Matter and energy were not distinct in the original singularity. And — as everybody thinks they know — they are mutually convertible (nucleosynthesis turns energy into matter, as do collisions in particle accelerators). Matter and energy are conjoined twins, like time and space, and like time and space they came into the world together.


it certainly would boggle the mind if it were, yet it seems that, at least in some way, it is. At the very least existence is eternal.

The thing we have to understand is that time is a phenomenon local to the universe. In other words, eternity isn't just outside time; it's outside everything. Eternity is precisely nothing. Even empty space isn't that: it has properties. Eternity, however, is a predicate with no attributes.

I find my vocabulary no longer has a use for the word 'eternity'.


Also, perhaps our particular universe is not eternal - but that doesn't mean there was nothing before the first planck moment of the Big Bang. Could the birth of our universe be simultaneous with the death of another?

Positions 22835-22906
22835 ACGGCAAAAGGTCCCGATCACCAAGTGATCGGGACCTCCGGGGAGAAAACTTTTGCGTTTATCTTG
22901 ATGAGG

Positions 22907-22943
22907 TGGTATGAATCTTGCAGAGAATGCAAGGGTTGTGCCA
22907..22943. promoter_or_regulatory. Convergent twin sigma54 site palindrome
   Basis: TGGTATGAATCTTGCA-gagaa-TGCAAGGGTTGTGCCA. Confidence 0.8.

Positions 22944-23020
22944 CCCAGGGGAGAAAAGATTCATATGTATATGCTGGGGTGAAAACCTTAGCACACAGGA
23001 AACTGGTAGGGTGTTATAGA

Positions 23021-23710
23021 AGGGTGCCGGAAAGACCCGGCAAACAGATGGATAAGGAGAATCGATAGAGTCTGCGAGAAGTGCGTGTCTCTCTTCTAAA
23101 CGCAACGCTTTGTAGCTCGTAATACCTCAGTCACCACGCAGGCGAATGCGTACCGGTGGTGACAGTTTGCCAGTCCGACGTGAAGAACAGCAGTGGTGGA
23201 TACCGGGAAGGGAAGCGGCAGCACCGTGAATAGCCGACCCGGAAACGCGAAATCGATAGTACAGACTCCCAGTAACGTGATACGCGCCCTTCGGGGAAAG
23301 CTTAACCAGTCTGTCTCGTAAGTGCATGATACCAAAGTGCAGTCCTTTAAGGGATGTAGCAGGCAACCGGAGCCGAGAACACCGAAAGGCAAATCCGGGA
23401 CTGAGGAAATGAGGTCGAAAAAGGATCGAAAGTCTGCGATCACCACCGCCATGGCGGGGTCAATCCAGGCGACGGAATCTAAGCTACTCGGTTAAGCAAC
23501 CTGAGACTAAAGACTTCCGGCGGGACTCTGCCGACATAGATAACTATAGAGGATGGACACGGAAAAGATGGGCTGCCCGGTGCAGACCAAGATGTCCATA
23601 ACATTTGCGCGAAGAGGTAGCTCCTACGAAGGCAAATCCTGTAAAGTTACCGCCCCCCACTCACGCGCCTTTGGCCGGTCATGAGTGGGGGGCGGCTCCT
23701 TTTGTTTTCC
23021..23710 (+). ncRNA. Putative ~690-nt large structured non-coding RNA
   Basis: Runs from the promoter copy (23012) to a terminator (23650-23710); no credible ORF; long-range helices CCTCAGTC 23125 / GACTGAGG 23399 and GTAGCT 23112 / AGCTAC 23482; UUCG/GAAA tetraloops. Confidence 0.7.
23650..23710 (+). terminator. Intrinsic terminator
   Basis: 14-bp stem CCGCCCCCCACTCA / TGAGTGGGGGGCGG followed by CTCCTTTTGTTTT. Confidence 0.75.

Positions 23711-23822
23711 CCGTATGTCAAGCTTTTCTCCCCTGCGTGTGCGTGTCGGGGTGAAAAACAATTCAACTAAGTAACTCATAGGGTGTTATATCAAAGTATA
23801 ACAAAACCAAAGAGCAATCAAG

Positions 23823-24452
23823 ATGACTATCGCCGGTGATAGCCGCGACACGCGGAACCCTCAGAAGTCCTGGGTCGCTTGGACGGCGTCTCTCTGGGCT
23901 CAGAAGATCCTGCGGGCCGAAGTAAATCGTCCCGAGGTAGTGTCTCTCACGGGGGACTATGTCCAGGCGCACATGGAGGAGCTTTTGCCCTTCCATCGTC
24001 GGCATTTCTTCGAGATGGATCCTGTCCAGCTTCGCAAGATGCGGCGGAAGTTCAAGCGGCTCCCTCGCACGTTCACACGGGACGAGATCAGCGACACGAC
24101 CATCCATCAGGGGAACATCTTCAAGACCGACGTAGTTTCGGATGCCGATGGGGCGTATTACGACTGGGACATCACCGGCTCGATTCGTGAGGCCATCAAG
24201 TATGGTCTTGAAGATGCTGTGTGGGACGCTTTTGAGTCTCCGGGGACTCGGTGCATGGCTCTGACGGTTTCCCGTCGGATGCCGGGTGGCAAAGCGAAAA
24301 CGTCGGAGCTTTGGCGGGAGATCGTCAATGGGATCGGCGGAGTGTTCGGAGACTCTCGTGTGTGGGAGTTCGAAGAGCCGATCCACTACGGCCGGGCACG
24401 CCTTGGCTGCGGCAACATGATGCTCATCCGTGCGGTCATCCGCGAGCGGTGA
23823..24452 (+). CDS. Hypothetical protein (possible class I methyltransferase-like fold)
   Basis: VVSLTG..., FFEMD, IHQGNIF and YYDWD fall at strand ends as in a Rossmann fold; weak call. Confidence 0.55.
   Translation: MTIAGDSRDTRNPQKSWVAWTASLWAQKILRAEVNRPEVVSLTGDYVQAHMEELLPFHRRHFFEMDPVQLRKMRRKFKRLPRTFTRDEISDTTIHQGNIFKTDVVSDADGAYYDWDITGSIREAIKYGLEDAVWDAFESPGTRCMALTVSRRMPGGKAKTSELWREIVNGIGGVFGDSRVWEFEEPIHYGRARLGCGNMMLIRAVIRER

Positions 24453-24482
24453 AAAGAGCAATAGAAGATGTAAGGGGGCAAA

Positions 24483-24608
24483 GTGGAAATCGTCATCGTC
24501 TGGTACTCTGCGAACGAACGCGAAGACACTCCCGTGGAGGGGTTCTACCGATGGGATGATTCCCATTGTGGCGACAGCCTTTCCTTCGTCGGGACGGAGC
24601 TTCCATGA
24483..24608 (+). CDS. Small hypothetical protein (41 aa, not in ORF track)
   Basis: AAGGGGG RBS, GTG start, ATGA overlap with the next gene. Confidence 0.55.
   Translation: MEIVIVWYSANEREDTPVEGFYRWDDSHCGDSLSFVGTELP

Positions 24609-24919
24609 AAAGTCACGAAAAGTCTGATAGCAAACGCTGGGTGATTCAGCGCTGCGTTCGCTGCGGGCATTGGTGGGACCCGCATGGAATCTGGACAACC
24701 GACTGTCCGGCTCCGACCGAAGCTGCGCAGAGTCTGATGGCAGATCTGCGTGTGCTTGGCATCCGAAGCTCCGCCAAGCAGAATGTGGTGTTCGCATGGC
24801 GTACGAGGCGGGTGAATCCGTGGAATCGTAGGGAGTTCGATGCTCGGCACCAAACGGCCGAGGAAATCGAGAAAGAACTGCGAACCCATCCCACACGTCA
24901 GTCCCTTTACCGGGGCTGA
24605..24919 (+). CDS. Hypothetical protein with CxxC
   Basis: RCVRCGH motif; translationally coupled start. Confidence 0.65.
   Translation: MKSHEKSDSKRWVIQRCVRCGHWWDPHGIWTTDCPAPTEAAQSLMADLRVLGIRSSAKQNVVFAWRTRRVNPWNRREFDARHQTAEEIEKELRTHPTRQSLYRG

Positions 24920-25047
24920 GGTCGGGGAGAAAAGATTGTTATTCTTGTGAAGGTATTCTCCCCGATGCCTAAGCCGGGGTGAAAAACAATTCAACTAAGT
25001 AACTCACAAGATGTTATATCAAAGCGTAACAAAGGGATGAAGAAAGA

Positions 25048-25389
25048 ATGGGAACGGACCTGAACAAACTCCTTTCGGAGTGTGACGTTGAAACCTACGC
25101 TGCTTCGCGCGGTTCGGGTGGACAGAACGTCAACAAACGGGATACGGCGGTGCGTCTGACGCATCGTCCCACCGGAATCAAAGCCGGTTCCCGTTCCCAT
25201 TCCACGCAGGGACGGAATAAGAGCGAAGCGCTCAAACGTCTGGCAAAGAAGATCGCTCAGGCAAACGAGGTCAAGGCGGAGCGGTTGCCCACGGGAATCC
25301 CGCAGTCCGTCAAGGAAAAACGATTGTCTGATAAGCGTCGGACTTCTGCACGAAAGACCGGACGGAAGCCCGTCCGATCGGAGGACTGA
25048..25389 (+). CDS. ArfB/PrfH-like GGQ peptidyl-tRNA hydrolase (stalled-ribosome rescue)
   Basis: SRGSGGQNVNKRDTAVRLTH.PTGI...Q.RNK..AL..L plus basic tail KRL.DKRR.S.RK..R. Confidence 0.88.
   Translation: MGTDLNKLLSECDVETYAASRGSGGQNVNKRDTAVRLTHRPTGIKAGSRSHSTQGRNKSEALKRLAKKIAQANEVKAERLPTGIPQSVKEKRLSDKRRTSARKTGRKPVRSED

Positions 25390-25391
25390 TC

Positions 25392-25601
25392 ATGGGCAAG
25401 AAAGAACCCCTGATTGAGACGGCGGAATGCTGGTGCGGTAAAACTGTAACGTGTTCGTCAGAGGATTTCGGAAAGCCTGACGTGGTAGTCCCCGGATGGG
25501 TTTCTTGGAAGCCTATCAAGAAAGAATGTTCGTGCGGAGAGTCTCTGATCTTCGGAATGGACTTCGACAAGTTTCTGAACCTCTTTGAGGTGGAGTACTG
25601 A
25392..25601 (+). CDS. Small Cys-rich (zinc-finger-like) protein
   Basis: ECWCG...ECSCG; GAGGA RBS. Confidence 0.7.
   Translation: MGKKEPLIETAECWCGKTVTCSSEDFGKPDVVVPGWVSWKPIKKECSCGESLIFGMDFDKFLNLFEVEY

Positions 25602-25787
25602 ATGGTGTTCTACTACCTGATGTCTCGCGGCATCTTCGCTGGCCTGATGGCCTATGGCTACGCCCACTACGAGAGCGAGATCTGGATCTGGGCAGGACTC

Didn't we already discuss this? The point to bear in mind is that there was nothing of the Universe — a word that means what it says, you know — before the Big Bang. The existence of other universes is irrelevant, another artifact produced by the illusion of temporal linearity and duration. The Universe does not experience Time as we do.

Anyway, there's no need to destroy another universe to create ours. Lee Smolin has suggested that every black hole may contain a daughter universe.


edit on 3/12/15 by Astyanax because: the external quote was too long.



posted on Dec, 3 2015 @ 10:15 PM
link   
a reply to: Astyanax

Lot of interesting points that I'll need to look into further if I'm going to reply with any semblance of understanding on the subject. Getting bogged down with work and other stuff, so it may take some time - dropping a line to say thanks for that response.



posted on Dec, 3 2015 @ 10:27 PM
link   
Change is the key

The Universe we perceive is always in a state of change


Death is ultimately change


Existence is a constant state of transforming energy from one state to another


Change is transcended through nirvana( cessation)



posted on Dec, 3 2015 @ 10:32 PM
link   
a reply to: scorpio84

I hate to do this.

You say the universe is not eternal.

Okay then do they know its source?

no



posted on Dec, 3 2015 @ 10:33 PM
link   
a reply to: scorpio84

The universe is expanding like inflating, according to the scientists




top topics



 
2

log in

join